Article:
It is important to get all Law Enforcement Officers properly trained on the rules of the road for drivers of vehicles; and how that affects bicyclists. A constant bone of contention is where-to-ride-on-the-road, and I have several types of (mostly general, not state-specfic) training materials linked there.
Relevant to California, the CHP (California Highway Patrol) has a “secret” document CHP 100.68 Traffic Enformcement Policy Manual, (or link to doc on facebook, group membership required) the portion of which as applies to bicyclists was obtained by a public records request by a CA bicyclist advocate. One has to wonder why a government agency’s document that explains the state police’s interpretation of traffic laws is secret; especially given it contains some blatantly wrong and bad interpretations, like claiming riding is abreast is illegal (note that CA law does NOT proscribe riding abreast); and somehow forgetting to mention the narrow-lane exception. [This same information is reproduced, it’s actually cut-and-pasted, in this newer, not “secret”, document: CHP 2014 National Law Enforcement Challenge; page 14]
Does Arizona’s DPS have such a document?
Arizona LEO training materials
This material was finalized by Glendale PD and the Coalition in 2015:
- Bicyclist Safety and Law Enforcement in Glendale, AZ
See errata, below. This is a 15 minute powerpoint/video intended for law enforcement training.
Prepared by the Coalition of Arizona Bicyclists and the Glendale PD. These materials were based on NC LEO presentation created by BikeWalk NC.
These documents remain in draft state, listed here for posterity:
- Arizona Bicycle Law Enforcement Guide (12-page printable booklet, last updated Feb 2014) (The format of the guide was based on the Florida Bicycle Law Enforcement Guide), and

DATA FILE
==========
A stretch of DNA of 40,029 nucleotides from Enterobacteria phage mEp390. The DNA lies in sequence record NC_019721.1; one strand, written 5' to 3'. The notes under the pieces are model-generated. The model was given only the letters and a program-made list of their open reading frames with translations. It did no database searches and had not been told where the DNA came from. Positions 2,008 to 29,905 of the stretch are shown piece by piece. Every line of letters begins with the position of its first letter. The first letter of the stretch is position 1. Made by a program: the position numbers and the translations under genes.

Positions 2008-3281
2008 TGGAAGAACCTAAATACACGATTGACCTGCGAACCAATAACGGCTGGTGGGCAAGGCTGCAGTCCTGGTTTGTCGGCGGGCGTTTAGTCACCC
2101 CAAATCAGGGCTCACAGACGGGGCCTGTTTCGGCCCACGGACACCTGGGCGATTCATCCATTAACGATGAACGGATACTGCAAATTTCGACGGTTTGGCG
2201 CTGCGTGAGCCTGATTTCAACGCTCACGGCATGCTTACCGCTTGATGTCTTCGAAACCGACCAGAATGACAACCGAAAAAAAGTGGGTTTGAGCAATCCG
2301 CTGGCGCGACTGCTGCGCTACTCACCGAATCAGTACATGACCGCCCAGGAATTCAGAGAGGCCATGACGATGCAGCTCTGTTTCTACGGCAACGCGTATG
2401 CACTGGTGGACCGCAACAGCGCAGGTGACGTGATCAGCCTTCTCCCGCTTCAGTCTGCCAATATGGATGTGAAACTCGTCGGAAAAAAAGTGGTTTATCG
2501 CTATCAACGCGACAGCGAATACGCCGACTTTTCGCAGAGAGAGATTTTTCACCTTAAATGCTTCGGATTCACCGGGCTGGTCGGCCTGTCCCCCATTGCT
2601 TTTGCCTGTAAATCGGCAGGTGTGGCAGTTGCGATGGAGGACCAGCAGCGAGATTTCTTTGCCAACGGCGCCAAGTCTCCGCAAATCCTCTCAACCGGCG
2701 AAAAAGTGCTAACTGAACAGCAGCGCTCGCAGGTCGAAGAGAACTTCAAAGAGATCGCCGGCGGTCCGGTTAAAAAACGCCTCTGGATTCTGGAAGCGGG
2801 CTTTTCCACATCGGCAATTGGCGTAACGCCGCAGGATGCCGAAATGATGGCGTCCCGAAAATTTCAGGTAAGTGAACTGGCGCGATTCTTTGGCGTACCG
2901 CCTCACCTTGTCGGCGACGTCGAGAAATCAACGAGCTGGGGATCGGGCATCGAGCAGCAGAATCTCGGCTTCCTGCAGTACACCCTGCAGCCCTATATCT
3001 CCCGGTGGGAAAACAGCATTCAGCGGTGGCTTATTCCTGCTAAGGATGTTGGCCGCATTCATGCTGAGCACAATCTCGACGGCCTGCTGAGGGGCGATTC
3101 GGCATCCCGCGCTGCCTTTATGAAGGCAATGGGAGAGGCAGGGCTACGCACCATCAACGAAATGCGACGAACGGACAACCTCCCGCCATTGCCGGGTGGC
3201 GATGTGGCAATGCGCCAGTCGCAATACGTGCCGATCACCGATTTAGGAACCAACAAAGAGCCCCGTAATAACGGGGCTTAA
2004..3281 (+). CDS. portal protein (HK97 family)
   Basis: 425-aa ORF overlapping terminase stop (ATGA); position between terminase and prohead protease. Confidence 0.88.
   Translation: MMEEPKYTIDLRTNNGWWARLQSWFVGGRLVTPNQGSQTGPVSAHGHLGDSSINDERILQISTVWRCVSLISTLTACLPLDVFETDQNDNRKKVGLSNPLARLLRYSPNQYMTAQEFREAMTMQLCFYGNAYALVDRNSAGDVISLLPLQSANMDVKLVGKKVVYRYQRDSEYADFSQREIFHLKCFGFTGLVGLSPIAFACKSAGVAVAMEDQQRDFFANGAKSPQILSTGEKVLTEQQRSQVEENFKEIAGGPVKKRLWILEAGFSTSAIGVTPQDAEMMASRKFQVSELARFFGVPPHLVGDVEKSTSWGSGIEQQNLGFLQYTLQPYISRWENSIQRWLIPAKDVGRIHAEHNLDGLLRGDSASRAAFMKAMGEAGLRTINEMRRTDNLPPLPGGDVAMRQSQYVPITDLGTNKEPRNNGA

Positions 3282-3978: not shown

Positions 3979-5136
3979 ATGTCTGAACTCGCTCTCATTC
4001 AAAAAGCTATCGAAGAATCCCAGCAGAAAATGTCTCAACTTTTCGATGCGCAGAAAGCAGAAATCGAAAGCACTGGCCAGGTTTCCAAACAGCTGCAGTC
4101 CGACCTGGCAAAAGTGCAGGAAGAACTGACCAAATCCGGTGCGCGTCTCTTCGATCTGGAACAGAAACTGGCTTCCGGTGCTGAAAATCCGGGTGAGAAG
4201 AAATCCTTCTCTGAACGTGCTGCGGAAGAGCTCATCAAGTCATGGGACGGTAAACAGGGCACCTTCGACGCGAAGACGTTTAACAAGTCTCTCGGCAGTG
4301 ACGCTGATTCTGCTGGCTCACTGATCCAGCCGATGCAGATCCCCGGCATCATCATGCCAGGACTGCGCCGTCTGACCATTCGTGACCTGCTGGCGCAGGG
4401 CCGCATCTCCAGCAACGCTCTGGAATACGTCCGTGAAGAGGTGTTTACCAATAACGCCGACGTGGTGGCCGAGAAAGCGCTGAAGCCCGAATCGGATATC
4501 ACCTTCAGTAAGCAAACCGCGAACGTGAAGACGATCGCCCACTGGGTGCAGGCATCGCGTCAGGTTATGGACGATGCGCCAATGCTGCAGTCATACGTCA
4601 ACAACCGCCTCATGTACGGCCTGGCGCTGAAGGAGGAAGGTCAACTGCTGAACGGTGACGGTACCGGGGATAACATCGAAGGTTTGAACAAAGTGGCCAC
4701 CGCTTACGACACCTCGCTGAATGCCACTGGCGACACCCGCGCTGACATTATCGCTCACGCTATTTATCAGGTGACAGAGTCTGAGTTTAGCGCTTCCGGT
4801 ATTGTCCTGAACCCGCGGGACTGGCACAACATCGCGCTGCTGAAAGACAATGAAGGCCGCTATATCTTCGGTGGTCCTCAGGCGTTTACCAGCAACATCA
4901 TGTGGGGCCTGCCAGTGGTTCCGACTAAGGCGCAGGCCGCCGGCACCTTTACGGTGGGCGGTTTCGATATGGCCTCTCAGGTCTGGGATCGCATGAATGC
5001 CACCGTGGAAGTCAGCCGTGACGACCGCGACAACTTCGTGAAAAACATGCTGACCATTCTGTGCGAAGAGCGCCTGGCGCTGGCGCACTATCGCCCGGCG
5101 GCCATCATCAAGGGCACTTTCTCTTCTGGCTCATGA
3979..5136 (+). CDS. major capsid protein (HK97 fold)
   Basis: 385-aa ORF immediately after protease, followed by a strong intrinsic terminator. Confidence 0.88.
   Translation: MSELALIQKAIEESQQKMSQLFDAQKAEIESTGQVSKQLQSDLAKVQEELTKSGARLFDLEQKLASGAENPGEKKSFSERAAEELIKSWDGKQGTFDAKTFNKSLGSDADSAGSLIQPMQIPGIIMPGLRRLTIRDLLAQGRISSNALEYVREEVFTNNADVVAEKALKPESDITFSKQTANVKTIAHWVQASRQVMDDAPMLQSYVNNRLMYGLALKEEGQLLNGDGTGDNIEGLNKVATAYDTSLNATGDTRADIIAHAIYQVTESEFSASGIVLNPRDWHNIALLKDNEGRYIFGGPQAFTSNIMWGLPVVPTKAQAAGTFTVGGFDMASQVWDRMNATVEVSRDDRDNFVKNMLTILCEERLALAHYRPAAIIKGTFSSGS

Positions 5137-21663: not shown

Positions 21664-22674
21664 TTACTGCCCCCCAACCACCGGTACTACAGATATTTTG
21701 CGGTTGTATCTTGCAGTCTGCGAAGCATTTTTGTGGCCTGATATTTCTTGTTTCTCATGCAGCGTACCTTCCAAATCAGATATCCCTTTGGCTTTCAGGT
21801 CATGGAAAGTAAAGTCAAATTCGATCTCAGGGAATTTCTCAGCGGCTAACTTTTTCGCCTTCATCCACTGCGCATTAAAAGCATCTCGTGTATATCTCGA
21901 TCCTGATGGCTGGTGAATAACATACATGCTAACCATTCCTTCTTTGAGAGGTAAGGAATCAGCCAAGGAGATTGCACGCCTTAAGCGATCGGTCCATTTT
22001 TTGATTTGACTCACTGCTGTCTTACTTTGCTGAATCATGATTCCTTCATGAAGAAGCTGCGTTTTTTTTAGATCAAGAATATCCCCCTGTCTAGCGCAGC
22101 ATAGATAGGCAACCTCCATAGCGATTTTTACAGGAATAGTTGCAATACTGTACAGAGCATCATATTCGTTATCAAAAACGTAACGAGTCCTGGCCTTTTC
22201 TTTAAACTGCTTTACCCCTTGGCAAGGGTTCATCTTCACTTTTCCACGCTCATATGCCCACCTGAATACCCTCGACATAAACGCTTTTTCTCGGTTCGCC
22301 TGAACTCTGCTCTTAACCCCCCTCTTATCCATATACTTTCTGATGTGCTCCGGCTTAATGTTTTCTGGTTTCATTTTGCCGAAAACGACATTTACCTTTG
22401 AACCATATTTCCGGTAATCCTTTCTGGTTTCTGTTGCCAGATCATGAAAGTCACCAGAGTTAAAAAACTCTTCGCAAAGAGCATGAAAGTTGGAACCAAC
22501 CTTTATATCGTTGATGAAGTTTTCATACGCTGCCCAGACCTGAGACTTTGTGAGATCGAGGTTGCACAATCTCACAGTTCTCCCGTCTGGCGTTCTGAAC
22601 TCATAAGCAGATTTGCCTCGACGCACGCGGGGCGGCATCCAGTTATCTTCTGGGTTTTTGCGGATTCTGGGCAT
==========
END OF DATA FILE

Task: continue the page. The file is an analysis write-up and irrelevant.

- [DEPRECATED] Safe Cycling Practices Overview Draft 20140123 , 78 slide presentation (on hold as of mid-2014) was superceded by the Glendale material.
In Arizona, all LEOs must pass through a standard curriculum overseen by AZPOST — The Arizona Peace Officer Standards and Training Board.
The first step is to understand what is currently being taught — as such Eric Post received from AZPOST’s Don Yennie what he referred to as ” traffic law lesson plan that is currently being taught through the state in the police academies”. I placed that document here at AZPOST4dot6TrafficLawOutline.doc; and there’s an html version I made for quick reference. This is referred to as section 4.6; and has a total class time of 15 hours.
Anyways i was mostly happy with what it said (it’s just an outline; so not much to grouse about?!) The most obvious complaint is about the “near the right side” rule which was very, ahem, sparse!
Here are my notes on the outline:
- 28-704A says “1. Shall not drive at a speed as to impede or block normal traffic” — i would like it to be pointed out explicitly that this can not apply to bicycles (since it applies specifically to *motor* vehicles). It also needs to be elaborated that the rule, as interpreted, it is NOT an impeding violation for an MV driver to impede others so long as the driver is going as fast as possible for the particular vehicle under the particular circumstances; think: a heavily laden truck, or any of the many other types of vehicles that may be going slower than the normal speed of traffic. This is a normal traffic situation and not a violation.
- 28-701E ditto above (only applies to *motor* vehicles).
- 28-815A says simply “Rider must operate as near to the right side of the road as practical” It is obvious that this is going to cause lots of confusion because none of the conditions (i.e. only applies when less than normal speed of traffic) AND NONE of the many exceptions are even mentioned!!!!! (narrow lane, passing, debris, etc). Oh, and i was sort of pleasantly surprised this was mentioned with regard to 28-815 “The edge of the roadway indicator is not a bike lane (has to be marked)”… though it’s a bit cryptic, it’s apparently a reference to fake bike lanes (edge lines masquerading as a bike lane); plus should be explicitly mentioned that shoulders are not mandatory use for bicyclists (or any driver for that matter).
- This is one of my personal favorite legal topics: In one bit of interpretation — “DUI laws do not apply to bicycles”
- Since the outline can’t say what’s NOT in the law; it should be verified that the future LEOs are apprised, e.g., there are no state laws prohibiting or even regulating sidewalk/crosswalk cycling; and that local regulation is key here, as well as briefly discussing Maxwell.
Random / Other Law Enforcement-specific topics
Kirby Beck has a series of three videos Cyclists and Law Enforcement on vimeo.
Floridabicycle.org put out the video Bicyclists and Roadway Use Covering Florida state laws. Has as distinct law enforcement bent: